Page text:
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So-called Safe Driving Experts Post Dangerous Advice about Child Safety in Cars

How can the American public be expected to know what’s safest for themselves and their children when supposedly trustworthy sources so often publish incorrect and unsafe “advice” about safe driving techniques, or — as in this case — post highly inappropriate photographs or illustrations showing dangerous scenarios as though they are correct and acceptable?

California DMV

The photograph below first came to our attention when it was posted — outrageously — by no less an organization than the California DMV, so our first questions to them are:  Who is responsible for this?  Do they know nothing about safe driving and child safety at all?

This photograph is meant to show good child safety for the three children in the back seat of this car but all three are wearing their seatbelts in a dangerous manner (see the text of the article)/
This photograph is meant to show good child safety for the three children in the back seat of this car but all three are wearing their seatbelts in a dangerous manner (see the text of the article) — We do not claim to have copyright permission to post this image but do claim the legal right to do so for discussion of an important aspect of public safety.

The dangers shown here are that (a) the girl in the center of the three unavoidably has her seatbelt to high and effectively across her neck.  In the event of a collision, this alone could kill her.  The girl on the left also has her belt too high but not as badly as the first one.  (b) The girl on the right has her belt across her upper arm, below the shoulder (see the Irish Examiner article, linked below, for a better view of this) and there is no way this would restrain her correctly in a collision where, at the very least it might be expected to cause serious arm or shoulder injuries.

The photograph is, however, at least two years old.  We now know that a version of it was published by the Irish Examiner (newspaper) on July 04, 2015, in the ironically titled “How to keep kids well when travelling by car,”  which was about car sickness but was apparently oblivious to child seatbelt safety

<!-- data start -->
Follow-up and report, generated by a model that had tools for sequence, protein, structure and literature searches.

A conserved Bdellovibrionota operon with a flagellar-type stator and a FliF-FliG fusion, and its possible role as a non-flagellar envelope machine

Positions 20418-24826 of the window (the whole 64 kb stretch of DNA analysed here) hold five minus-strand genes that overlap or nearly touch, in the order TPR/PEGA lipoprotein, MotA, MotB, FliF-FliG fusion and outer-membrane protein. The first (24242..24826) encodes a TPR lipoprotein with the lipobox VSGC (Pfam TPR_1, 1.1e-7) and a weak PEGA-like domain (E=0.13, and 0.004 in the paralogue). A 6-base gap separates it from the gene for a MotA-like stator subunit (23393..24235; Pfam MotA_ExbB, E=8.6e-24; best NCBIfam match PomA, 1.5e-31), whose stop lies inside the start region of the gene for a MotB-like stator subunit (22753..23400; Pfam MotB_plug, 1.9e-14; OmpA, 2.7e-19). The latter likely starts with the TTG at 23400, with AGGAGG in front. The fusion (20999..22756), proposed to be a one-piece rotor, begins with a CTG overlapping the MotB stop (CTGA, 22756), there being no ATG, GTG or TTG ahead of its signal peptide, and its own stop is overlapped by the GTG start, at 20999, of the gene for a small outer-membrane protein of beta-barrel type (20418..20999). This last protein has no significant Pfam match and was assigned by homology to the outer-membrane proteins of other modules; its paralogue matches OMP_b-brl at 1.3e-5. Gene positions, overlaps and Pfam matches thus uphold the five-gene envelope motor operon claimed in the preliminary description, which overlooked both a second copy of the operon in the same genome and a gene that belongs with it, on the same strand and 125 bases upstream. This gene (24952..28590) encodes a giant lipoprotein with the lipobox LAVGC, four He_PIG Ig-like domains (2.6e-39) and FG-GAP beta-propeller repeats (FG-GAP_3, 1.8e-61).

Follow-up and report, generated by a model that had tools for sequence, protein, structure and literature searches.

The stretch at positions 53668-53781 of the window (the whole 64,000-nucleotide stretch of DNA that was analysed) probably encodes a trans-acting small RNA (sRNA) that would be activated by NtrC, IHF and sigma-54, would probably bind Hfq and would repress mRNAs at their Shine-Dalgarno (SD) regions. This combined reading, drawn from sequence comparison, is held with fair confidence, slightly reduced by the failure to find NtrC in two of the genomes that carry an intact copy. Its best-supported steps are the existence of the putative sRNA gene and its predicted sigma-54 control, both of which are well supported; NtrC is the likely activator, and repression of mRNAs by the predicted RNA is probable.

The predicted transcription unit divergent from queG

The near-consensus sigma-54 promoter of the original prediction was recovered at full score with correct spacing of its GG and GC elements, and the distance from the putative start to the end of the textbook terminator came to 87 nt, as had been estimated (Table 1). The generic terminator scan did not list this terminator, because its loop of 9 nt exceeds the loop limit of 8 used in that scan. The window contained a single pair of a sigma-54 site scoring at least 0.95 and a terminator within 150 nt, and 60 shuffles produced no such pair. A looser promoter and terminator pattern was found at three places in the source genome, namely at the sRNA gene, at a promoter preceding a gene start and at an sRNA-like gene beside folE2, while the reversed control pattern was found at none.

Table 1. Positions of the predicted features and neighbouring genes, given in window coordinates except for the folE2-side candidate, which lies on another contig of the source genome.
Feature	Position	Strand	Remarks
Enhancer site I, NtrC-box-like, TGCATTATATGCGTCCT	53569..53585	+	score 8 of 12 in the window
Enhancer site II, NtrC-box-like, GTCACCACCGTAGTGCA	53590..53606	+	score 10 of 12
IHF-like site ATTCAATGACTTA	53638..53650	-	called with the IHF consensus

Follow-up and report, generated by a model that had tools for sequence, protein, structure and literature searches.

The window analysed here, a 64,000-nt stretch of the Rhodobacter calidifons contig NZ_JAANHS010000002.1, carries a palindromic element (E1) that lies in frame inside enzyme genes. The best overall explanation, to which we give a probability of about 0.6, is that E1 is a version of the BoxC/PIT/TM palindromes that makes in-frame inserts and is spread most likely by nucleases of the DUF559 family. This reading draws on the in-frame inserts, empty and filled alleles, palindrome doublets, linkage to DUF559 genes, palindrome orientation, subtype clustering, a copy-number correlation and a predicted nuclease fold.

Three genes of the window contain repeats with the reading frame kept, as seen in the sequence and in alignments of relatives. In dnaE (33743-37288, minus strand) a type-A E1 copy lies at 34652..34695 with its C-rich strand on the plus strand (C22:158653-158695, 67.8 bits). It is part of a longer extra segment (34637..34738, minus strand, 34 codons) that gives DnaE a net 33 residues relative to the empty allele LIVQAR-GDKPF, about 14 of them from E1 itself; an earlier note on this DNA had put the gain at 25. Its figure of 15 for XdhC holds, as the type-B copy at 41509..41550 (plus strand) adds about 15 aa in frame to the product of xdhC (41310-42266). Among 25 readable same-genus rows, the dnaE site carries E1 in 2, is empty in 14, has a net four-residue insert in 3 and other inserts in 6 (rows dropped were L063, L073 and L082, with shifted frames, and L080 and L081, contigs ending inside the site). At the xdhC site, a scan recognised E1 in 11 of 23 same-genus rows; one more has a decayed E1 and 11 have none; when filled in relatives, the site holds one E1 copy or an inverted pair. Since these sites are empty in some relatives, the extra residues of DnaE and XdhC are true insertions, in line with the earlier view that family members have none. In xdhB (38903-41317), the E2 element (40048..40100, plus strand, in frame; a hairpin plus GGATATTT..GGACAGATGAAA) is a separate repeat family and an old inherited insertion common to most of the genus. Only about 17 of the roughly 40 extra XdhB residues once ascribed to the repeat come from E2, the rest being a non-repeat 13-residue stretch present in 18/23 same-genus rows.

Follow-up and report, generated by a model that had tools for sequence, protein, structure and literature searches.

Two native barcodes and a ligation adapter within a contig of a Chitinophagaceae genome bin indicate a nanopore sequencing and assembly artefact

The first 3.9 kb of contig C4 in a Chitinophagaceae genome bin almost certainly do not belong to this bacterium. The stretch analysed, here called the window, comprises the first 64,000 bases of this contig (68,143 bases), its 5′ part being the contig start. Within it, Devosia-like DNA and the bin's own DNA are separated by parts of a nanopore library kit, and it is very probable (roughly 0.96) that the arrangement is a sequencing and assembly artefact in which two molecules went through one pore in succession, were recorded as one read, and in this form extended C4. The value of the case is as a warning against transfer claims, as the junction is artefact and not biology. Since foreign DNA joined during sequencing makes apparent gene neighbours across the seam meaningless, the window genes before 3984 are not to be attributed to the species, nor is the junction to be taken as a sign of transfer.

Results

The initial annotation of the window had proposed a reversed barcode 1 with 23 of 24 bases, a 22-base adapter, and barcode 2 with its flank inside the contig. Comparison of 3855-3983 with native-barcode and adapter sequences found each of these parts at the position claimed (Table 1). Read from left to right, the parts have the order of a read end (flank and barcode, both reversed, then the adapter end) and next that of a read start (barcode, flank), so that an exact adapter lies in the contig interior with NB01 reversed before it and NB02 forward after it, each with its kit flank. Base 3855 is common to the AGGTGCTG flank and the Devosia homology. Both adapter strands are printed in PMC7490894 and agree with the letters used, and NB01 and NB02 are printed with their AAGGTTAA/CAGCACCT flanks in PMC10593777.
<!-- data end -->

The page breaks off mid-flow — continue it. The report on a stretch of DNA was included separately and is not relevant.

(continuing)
Then, just three days afterwards, yet another version was published by the Gerber Life Insurance Agency, in “Activities to Keep Kids Happily Occupied  During Road Travel.”  Come on, Gerber.  Surely you have someone who should definitely have picked up on this?

The fact that these three sources all used different versions of one image might suggest that they originated from a picture library, in which case we would suggest that while such libraries are in business purely to sell images, they DO have a responsibility not to trade in misleadingly dangerous pictures!

Crash & Bull Bars on Vehicles Cause Far More Danger than they Prevent


Often bought in the name of safety, it is a fact that crash bars or bull bars can actually create greater danger not only for pedestrians, bicyclists and other vulnerable road users who get hit, but also for people traveling in the vehicles to which the bars are fitted.

Photo of a former police Ford Crown Victoria now being used as a taxi, but with crash bars still fitted.
Because of the dangers created by crash bars (a.k.a. bull bars) it is wrong that former U.S. law enforcement vehicles can be sold to the public with the bars still fitted. This should be banned. (Copyright image)